The following night Dally, Johnny, and Pony go to the drive-in movie. They sneak in over the back fence, because Dally does not like to do things the legal way. They seat themselves behind two girls who are friends of the Socs. Dally, tries to provoke them by speaking in an abusive manner and putting his feet up on the back of one of their chairs. The girl threatens to call the police if they are not left alone.
When Dally goes to buy cokes, Pony talks to one of the girls, whose name is Cherry Valance. When Dally returns with the cokes and gives Cherry one, she throws it in his face. When he tries to put his arm around her, Johnny stops him. Dally stalks off in anger. Pony and Johnny then go and sit next to the girls and learn that they had come to the movies with some boys from the Socs, but had left them because they had sneaked alcohol in with them. As they are all watching the movie, someone places a hand on the shoulders of Johnny and Pony and says, Okay, Greasers, you've had it. Thinking that it is a Soc, Pony is terrified and Johnny goes white with fear. To their relief, they discover that it is Two-Bit, a fellow Greaser who is playing a joke. Two-Bit informs them that Dally, in his anger, has slashed Timothy Shepard's car tires.
When Cherry and Pony go to buy some popcorn, he tells her about how four members
of the Socs had jumped Johnny and severely beaten him. He explains that
ever since then, Johnny has been very nervous. Cherry tries to convince
Pony that not all Socs are alike and that they have a lot of problems.
Pony cannot understand why they have any concerns since they have good
grades, good cars, good girls, madras, Mustangs, and Corvairs.
This chapter continues to highlight the differences between the Greasers and the Socs. The Socs' hangouts are The Way Out and Rusty's, while the Greasers patronize The Dingo and Jay's, which are more rowdy and rough. Pony cannot understand how the Socs could have any worries or problems since they are known for having good grades, good cars, good girls, and good clothes.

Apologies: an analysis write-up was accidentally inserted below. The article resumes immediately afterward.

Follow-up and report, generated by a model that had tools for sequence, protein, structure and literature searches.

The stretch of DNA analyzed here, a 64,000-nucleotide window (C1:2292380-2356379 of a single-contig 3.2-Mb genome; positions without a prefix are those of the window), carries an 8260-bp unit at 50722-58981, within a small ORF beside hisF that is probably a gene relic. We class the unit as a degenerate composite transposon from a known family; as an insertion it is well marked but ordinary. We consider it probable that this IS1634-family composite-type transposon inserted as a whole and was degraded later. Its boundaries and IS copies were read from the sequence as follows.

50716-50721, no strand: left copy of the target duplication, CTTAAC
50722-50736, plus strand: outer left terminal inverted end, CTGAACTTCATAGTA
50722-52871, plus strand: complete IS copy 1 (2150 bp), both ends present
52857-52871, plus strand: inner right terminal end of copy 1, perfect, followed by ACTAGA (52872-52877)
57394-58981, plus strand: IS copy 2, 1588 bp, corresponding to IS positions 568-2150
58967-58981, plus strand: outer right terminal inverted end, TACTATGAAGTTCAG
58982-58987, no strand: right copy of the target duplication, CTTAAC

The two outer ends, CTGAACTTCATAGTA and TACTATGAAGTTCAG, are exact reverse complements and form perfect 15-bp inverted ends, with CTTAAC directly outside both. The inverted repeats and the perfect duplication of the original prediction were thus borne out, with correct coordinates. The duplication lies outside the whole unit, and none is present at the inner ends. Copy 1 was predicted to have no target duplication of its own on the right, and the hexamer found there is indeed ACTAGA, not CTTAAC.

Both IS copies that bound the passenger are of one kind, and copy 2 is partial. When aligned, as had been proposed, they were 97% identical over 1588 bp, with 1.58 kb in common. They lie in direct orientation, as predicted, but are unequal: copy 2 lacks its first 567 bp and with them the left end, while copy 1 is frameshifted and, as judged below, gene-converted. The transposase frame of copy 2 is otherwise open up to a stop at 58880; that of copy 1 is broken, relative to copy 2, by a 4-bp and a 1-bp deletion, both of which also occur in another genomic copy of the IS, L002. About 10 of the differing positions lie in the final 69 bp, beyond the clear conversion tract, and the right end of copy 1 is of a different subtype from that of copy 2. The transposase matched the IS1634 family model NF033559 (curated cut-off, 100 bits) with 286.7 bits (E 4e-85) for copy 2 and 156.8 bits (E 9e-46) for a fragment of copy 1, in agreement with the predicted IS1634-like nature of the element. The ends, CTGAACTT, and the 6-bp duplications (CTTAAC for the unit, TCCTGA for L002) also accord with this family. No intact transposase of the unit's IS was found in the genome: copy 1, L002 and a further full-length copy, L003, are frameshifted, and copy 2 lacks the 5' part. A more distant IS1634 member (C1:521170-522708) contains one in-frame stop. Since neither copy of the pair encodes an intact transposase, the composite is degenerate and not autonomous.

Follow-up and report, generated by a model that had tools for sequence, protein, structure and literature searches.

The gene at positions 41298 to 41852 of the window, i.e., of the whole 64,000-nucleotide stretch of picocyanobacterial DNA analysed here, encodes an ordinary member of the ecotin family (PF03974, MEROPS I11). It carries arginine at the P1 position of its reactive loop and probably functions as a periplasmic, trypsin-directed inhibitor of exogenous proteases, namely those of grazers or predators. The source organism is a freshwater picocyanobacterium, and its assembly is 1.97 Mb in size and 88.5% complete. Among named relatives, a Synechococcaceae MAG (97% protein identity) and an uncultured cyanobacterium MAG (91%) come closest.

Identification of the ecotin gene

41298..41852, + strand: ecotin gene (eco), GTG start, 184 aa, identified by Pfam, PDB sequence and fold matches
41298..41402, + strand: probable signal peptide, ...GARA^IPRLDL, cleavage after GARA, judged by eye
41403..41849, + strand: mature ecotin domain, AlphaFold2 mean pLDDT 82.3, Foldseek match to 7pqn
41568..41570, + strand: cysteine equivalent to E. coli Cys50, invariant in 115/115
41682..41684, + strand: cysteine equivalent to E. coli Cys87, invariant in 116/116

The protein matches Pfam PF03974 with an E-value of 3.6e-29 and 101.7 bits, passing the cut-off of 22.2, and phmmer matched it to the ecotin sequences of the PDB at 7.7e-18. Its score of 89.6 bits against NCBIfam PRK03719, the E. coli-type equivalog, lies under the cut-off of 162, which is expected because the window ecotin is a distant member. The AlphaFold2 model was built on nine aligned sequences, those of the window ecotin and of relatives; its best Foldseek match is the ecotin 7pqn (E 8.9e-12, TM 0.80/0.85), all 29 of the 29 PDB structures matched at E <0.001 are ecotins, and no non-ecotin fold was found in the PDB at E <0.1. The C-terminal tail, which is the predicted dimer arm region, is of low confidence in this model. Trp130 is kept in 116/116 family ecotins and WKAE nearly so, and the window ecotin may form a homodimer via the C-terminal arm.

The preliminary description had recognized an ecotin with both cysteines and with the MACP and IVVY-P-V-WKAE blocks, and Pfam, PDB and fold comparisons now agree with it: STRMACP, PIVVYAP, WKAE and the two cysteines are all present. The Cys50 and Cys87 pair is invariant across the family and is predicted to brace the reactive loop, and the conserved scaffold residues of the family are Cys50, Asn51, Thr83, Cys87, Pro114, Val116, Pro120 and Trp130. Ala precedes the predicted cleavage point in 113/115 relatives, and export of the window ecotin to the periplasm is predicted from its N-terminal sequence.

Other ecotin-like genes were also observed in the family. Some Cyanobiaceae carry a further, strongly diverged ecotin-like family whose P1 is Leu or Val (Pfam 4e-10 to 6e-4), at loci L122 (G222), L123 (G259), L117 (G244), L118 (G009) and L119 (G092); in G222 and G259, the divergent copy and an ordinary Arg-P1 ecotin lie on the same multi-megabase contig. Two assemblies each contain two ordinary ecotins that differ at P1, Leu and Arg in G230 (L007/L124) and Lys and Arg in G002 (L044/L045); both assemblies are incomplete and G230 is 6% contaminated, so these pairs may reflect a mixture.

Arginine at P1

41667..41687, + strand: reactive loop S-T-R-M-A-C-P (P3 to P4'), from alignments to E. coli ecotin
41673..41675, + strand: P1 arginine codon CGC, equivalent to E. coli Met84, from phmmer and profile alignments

The character of Dally is also further developed. He likes to defy the law and proper behavior. That is why he sneaks over the fence into the drive-in movie, talks abusively to the Socy girls, puts his feet on one of their chairs, and tries to put his arm around Cherry. It is obvious that his attempts to gain attention are a means of covering up his sense of inadequacy. When Cherry throws a coke in his face, Pony and Johnny are very worried, for they know that Dally can be dangerous when someone opposes him. Johnny tries to calm him down and tells him not to bother the girls. Pony and Dally are shocked at Johnny's standing up for Cherry and Marcia, for he is the most timid member of the Greasers and really thinks of Dally as a hero. Dally, however, is upset by the whole incident and leaves in anger; he goes out and slashes the tires of Tim Shepard, a member of another gang.
Although Pony and Johnny are Dally's buddies, they are not crude like he is. They treat the Socy girls with respect. It seems, in fact, that Pony would like to be more like the Socs, for when Cherry and Marcia speak in a derogatory manner about the Greasers, Pony feels inadequate; however, when Cherry calls Dally trash,' Pony takes up for him saying, I'm a grease, same as Dally. He's my buddy. There is obviously a strong feeling of camaraderie and loyalty among the gang members.
Cherry Valence seems to be different from other Socy girls. When Pony and Johnny are nice to her, she becomes friendly to them. She even apologizes for criticizing Dally in front of them. She is also shocked to hear how Johnny has been beaten by the Socs and points out that not all Socs are alike. Like Pony, she has a sense of allegiance to her gang.
The last sentence in the chapter, I know better now, shows that Pony is
a wiser person when he is writing the story than when he lived it. Time
and distance have helped him to mature morally and emotionally.